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FlexPod Review
We have two heads in separate data centers approximately one mile apart with dark fiber. There is high availability and high resiliency within our data structure.

Valuable Features:

We're using the mirroring capability of the FlexPod. We're having the two heads in separate data centers that are approximately one mile apart with dark fiber. We really like the capability of having that high availability and high resiliency within our data structure, our data centers. That's one of the features.

High availability is outstanding. We haven't had any problems with that.

We've got a FAS6210 and performance is really outstanding, as well.

Improvements to My Organization:

The high availability feature is what we were really looking for, because we have a campus center, where we have two data centers on campus. So, it just made sense. It was the best fit for us at the time to be able to do that mirroring between the data centers, and be able to also have other aggregates for other purposes; all built into one SAN.

Stability Issues:

With the hardware and the way that the matrix is formed to validate the infrastructure, everybody does their homework and makes sure that everything is going to be fully supported. When you do have an open case, there is one point of support and you do not have everyone finger-pointing at each other. That was the other big advantage and big selling point for us; that was another feature that drew us to the FlexPod.

Scalability Issues:

We're running a 7-mode right now. With CDOT out there and it being the current operating system, that's going to be a challenge for us. Our roadmap is to go to CDOT gradually over the next two years, so the scalability for us isn't as much of a factor. We're not adding shelves. We're not going wide. We want to be able to scale up and that, honestly, is a bit of a challenge because there's no direct migration between the two right now. That's going to be something that we'll have to look into within the next two years. That's on our roadmap.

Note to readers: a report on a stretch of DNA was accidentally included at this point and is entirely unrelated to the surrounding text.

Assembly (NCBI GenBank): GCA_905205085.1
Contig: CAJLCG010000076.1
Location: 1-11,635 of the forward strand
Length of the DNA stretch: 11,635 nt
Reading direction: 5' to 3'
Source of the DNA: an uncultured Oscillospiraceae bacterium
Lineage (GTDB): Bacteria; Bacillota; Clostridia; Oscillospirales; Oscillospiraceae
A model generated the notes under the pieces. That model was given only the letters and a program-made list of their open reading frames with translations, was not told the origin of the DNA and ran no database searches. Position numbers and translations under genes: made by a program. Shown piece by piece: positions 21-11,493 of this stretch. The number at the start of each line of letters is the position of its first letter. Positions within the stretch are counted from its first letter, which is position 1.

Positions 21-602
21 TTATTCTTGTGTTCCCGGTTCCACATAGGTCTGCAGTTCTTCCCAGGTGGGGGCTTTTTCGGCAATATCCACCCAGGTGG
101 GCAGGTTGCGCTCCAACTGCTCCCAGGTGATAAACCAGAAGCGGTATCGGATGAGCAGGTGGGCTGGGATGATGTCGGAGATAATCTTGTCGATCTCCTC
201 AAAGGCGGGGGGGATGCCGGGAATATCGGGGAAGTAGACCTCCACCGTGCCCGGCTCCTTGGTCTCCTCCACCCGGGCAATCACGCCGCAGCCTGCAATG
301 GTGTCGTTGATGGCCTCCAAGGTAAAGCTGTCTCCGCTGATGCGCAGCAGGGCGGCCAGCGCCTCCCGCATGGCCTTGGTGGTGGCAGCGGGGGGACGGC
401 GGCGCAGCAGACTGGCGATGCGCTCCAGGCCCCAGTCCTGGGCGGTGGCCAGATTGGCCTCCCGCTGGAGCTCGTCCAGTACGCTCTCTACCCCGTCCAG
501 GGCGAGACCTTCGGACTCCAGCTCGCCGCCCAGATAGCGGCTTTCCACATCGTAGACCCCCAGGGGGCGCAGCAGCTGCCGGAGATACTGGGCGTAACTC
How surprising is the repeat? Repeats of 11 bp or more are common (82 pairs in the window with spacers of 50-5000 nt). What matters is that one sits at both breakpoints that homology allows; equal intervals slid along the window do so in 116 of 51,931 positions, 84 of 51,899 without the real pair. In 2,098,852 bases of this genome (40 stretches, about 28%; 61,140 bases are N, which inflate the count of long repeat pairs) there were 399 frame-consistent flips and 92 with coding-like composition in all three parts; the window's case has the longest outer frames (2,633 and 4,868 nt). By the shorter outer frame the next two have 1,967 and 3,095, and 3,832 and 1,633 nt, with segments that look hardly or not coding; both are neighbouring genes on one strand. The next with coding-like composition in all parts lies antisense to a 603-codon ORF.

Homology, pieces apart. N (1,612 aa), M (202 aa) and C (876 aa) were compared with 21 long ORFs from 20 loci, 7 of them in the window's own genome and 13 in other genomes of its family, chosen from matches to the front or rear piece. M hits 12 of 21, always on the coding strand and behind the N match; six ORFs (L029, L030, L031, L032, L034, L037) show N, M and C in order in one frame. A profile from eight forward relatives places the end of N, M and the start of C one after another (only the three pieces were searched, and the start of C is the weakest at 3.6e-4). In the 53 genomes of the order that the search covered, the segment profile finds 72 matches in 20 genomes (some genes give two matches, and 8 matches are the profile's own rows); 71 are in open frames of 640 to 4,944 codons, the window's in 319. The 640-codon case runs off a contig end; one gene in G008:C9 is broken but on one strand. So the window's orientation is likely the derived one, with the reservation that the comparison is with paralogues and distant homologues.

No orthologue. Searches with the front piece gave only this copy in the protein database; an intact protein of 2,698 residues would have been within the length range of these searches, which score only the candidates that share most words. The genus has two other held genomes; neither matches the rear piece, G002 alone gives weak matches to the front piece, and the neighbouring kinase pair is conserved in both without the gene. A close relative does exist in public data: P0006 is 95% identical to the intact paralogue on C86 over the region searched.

I'm not up to date on all the options surrounding that migration right now, but CDOT and 7-mode don't translate. You can't just migrate or upgrade from one to the other seamlessly. If they come out with that, that's something I would look forward to. It's always been a challenge to go from one SAN to the other. There's newer technology, sometimes third party, that can help you get there, but usually it is not possible to have a seamless translation or transition.

The only other area with room for improvement is the interoperability matrix. Sometimes, when the newer versions of any of the partners’ firmware or software come out, there's still sometimes a lag of the partners to support all of those new components. Sometimes, when we are going to a newer version of ONTAP, not everything is supported. Therefore, we can't go to that because of this or because of that. For instance, with vSphere 6, we were held back some because of the hardware interoperability matrix not supporting all the components.

Technical Support:

We have used technical support, although not recently. We've pretty much gotten what we expected out of it. We haven't had any major, major issues. We did have some performance issues. That was a couple of years ago; it took a while to track down. Overall, I think support was adequate and we did finally get what we needed. This was pretty much only directed towards NetApp. It wasn't really the Cisco or the VMware components. The support was directed between the parties and handed off appropriately whenever we've needed it.